Claims Following a Student's Injury or Death at School
Parents expect that their children will grow, mature, and enjoy themselves (some more than others) at school. As our team of personal injury attorneys at Aronberg, Aronberg & Green know, parents do not send their children to school with the expectation that, while at school or participating in a school-run activity, they will be injured or killed. This article will explore Claims Following Student’s Injury Death School.
Unfortunately, the reality of students being injured—sometimes fatally—while engaged in school activities is one that many parents have to face. Following a horrible accident, many parents and other family members wonder whether there is anything in the law that permits them to seek compensation, for or on behalf of their family member, for the injury or death suffered by the student. In these types of cases, compensation is, as our injury lawyers know, sought not as a way to cash in on the injury or death of a loved one, but as a way to (a) be made whole and (b) punish wrongdoers, to ensure that other families do not have to suffer in a similar way.
One truly upsetting situation, originating in New York, provides an opportunity for our negligence and product liability lawyers to explore potential claims arising from school activities gone wrong. Just last month, a 9-year-old boy passed away after sustaining an injury during soccer practice at his school in New York City. The New York Police Department reported that he was stuck in the head by a goalpost during practice.
One key claim which may be asserted by injured or deceased students and/or their families is based on the idea of negligent supervision. Those who supervise student activities assume a duty—an important responsibility—of ensuring the safety of the students they oversee. If someone is injured, or killed, on the supervisor’s watch, that supervisor, and often the school employing the supervisor, can be held accountable, assuming the injury or death was a consequence of some failure of supervision.
For instance, as our negligent supervision attorneys know, if a coach is responsible for the safety of young students during a practice, and walks away for 30 mins, during which time a student is injured because there was no proper supervision, that coach—and the school—may very well be held liable.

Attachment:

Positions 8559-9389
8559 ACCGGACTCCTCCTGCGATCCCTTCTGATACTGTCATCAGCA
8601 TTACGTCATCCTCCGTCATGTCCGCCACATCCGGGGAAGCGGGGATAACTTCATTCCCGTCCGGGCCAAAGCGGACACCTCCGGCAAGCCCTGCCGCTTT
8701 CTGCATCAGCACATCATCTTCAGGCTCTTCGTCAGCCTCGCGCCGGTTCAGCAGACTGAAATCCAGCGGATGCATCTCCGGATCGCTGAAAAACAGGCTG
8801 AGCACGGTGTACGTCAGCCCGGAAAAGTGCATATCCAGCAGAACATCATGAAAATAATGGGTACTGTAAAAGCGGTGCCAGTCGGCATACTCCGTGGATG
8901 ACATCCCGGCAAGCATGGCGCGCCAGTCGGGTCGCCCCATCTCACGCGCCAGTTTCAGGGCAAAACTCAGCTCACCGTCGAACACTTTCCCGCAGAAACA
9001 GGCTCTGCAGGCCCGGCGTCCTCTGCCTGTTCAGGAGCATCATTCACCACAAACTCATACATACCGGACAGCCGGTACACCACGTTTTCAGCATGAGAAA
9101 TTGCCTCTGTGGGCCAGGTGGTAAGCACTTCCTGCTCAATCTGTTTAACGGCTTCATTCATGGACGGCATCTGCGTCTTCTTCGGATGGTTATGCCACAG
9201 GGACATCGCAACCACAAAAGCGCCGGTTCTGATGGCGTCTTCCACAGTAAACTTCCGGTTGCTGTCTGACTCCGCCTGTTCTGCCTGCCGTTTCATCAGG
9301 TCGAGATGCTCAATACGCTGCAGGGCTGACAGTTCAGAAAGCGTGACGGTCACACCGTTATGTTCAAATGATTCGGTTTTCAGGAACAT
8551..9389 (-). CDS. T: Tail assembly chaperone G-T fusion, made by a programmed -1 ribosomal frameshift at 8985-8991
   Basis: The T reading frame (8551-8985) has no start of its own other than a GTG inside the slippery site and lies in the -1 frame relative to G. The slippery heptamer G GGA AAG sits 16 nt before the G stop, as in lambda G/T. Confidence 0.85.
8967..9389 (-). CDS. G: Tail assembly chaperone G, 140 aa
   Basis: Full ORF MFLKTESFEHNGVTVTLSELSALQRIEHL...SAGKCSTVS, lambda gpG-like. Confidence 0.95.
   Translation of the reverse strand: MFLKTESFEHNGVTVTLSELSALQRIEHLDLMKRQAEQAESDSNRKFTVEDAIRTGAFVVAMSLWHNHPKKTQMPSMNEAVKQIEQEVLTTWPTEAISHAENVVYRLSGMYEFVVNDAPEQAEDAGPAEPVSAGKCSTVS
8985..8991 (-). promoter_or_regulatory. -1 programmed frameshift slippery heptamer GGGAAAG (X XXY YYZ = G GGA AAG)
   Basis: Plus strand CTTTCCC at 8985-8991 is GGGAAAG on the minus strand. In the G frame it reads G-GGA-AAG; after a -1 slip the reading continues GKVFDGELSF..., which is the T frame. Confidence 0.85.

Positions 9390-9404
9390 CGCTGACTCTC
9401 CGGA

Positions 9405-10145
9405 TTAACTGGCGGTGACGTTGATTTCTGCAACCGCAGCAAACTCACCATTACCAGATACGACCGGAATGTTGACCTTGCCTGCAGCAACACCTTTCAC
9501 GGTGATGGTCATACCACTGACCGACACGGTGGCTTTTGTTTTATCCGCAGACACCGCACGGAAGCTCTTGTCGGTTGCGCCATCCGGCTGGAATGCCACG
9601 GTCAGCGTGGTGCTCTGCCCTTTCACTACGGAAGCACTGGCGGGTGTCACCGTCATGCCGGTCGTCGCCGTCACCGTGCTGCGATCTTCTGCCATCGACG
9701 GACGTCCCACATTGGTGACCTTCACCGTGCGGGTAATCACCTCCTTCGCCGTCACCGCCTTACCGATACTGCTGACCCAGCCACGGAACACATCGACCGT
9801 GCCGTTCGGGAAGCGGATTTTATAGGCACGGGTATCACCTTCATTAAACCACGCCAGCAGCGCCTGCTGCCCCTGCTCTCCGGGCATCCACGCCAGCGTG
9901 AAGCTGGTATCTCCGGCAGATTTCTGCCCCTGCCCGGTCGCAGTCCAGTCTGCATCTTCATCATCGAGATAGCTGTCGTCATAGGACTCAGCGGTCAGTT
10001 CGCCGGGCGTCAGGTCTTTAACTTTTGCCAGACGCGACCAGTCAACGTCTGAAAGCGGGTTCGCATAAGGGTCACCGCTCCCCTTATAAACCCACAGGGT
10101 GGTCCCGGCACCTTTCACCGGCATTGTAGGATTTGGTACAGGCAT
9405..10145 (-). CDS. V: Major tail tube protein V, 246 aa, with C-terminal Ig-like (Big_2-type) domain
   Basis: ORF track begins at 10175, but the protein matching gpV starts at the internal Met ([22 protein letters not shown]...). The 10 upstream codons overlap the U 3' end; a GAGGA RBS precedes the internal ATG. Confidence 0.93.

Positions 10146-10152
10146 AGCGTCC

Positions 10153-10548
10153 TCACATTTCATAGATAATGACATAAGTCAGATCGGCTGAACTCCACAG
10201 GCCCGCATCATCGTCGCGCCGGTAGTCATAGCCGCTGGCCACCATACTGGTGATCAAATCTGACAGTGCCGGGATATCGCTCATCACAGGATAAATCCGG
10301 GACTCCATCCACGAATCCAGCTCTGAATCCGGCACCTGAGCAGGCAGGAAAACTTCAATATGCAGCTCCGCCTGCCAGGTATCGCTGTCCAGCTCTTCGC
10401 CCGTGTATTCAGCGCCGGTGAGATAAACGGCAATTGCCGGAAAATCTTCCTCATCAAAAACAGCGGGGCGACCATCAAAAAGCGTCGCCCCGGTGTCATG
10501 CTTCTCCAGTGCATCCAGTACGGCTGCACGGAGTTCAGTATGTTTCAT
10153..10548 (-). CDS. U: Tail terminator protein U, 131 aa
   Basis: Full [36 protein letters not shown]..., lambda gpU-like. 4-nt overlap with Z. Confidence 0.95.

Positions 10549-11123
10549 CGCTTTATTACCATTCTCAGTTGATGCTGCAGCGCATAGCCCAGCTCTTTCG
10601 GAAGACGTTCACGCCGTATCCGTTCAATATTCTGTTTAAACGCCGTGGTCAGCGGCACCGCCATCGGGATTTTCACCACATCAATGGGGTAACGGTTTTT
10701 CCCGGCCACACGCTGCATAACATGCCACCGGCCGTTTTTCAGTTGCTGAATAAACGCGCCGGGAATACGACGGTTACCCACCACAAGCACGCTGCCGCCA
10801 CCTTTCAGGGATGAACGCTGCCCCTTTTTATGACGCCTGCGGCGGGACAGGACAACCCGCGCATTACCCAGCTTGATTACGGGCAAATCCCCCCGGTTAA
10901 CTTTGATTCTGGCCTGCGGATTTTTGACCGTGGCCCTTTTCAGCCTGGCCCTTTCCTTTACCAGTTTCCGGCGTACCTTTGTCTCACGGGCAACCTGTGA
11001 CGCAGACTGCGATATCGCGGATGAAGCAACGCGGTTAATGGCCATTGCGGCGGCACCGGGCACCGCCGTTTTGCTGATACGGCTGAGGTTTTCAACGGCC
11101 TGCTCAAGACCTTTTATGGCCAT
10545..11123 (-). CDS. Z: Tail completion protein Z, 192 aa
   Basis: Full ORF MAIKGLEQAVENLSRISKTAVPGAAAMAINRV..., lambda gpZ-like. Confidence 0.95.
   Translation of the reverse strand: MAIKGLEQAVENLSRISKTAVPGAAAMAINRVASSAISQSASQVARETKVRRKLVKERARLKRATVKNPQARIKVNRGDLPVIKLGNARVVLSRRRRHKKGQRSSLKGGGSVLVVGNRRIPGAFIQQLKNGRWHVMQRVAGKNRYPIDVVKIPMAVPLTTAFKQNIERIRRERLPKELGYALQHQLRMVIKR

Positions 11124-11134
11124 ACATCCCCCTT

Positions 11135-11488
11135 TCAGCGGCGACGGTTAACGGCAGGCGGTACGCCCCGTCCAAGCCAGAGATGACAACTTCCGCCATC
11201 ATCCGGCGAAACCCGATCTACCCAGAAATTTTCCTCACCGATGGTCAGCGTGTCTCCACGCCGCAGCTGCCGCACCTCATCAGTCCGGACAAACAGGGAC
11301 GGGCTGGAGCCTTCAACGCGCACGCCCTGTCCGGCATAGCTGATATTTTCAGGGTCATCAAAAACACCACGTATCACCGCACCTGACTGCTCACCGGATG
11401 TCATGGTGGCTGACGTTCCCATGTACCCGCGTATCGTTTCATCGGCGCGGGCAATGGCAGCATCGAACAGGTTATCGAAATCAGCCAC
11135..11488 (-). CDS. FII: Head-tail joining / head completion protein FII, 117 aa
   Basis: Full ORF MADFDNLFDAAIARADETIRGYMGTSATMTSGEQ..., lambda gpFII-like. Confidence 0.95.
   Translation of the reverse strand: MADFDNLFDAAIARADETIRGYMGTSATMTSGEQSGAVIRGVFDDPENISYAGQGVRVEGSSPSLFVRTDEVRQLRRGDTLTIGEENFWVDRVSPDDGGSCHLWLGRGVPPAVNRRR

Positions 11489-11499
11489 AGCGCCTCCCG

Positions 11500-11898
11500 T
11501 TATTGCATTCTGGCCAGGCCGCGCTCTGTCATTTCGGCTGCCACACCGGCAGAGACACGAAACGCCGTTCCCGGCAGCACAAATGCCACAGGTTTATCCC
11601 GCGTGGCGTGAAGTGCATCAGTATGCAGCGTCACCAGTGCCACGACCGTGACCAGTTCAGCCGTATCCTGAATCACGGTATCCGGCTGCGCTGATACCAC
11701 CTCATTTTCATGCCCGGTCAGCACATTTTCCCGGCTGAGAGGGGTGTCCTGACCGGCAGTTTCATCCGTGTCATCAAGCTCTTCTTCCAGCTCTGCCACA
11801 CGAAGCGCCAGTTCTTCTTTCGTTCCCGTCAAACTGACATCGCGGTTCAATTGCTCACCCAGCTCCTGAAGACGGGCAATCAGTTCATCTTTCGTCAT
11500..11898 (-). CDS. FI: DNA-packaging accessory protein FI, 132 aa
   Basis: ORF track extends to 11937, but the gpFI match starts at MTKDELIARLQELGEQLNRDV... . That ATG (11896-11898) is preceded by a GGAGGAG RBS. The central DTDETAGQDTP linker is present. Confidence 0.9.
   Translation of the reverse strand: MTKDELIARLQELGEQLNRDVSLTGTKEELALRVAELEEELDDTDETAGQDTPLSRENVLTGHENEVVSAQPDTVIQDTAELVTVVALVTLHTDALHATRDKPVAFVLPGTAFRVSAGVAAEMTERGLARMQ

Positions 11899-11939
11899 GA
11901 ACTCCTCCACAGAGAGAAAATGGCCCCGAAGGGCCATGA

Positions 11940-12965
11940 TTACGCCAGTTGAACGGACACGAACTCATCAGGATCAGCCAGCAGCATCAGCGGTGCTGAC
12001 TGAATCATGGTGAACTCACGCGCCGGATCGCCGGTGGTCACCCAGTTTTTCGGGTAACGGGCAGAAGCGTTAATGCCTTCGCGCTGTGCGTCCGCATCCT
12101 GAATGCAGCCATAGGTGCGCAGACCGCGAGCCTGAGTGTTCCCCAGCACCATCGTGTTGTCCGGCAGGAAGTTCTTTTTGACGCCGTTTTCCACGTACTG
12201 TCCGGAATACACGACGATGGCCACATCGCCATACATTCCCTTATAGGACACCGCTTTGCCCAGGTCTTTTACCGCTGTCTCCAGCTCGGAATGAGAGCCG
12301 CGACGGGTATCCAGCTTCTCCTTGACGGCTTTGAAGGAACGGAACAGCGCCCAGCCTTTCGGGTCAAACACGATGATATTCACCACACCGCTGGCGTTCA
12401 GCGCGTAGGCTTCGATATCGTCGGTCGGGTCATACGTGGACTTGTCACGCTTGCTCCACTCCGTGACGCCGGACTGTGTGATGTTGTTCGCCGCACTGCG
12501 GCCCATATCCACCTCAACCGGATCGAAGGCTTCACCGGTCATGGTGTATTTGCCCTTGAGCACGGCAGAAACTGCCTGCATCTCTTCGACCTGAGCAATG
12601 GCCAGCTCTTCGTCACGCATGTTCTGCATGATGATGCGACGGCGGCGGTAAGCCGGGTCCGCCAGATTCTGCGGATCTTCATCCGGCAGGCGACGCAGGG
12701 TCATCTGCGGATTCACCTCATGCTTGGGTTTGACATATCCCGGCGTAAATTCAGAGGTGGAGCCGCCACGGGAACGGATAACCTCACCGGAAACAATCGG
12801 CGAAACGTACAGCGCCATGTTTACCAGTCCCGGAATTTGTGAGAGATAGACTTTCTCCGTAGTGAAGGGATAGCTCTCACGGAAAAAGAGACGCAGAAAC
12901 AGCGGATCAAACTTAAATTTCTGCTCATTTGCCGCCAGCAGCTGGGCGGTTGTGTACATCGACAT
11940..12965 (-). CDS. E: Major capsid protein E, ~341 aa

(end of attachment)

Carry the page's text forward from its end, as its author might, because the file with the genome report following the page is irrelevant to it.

The case of the young boy in New York presents another possible claim: one of product liability. The fact that the boy was struck in the head by a goalpost is troubling, and is perhaps evidence that the goalpost was defectively designed or manufactured—or both. Goal posts should be engineered so that they do not fall on (and in this case kill) the young student players engaged in the sport that the goal posts are used for.
One particularly relevant case on this issue is the case of Bourne v. Marty Gilman, Inc. from the Seventh Circuit Court of Appeals. In that case, a university student rushed onto a football field with a group of students; the crowd eventually tore down the goalpost, which fell on the plaintiff, rendering him paraplegic. The court held, among other things, that simply because the goalpost could have been made safer does not mean that it was unreasonably dangerous; therefore, the court found for the defendant.
Here, though, there is no evidence that the 9-year-old boy (of far less physical capability that a group of rowdy college students, as in Bourne) tore down the goalpost. Thus, to the extent that the plaintiff in Bourne participated in creating his injury, there is no such reason to believe that the little boy from New York invited his own injury and consequent death.
You may, at this point, be thinking about the liability waivers which parents sign in order for their children to be permitted to participate in after-school activities. While they could prevent a family from bringing an action based on negligence, they would not, on their own, prevent a product liability suit. Even so, those waivers of liability are often found unenforceable by courts on the basis of being unconscionable, unfair, and unclear.
If you have any questions about these or any other related personal injury issues, or if you or someone you know has been injured due to the wrongdoing or negligence of another, please contact our Delray Beach personal injury lawyers at Aronberg, Aronberg & Green. To schedule a free consultation, please call 561-266-9191. With offices in Delray Beach, Boca Raton and Wellington, we are ready and able to assist you.